Finding Ideas For Photography - Know Your Subject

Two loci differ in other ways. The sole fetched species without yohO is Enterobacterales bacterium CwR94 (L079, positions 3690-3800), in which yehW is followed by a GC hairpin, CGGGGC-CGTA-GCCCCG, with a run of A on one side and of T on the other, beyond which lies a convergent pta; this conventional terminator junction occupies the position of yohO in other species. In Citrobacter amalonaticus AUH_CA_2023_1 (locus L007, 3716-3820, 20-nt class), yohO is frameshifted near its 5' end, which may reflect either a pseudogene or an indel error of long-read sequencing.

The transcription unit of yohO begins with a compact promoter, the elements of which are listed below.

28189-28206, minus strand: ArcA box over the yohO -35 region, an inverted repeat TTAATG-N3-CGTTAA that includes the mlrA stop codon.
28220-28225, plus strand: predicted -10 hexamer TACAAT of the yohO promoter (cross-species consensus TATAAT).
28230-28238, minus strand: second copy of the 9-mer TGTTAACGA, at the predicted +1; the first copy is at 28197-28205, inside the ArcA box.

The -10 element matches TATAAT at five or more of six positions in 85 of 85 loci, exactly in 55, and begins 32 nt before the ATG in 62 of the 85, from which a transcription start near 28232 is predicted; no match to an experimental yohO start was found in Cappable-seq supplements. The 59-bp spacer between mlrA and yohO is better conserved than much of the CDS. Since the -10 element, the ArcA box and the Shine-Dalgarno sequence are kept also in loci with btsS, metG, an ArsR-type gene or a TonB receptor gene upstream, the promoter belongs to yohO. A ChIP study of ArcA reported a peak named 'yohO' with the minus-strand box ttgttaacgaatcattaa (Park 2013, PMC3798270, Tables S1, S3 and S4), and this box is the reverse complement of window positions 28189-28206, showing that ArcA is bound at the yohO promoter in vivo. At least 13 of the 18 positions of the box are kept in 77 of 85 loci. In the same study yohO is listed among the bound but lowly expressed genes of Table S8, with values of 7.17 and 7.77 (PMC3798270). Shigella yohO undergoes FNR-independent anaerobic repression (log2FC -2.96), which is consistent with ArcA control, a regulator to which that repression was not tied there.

We're storytellers with a camera. The question is where to find great ideas to photograph. I became a wildlife photographer because I'm fascinated by the extraordinary nous of nature exhibits. For example, why is that bruise black and white striped when they live in a yellow savannah? Is this fascination with questions that drives my passion? And I don't stop but questions? I also look for answers now this constant Q and A means I'm always learning. And the more I learn, the more I get ideas for my photography, the better you know your subject, the more you'll find ideas of how to photograph it. And here's the thing. The more you know that other people don't, the better your chances of creating images that are unique. Behind me is Roseberry topping. If a hill on the first glance has nothing particularly special about it. I tried photographing at once and came home empty handed, but a photographer friend of mine, Joe Cornish, has not only photographed, it is illustrated an entire book a...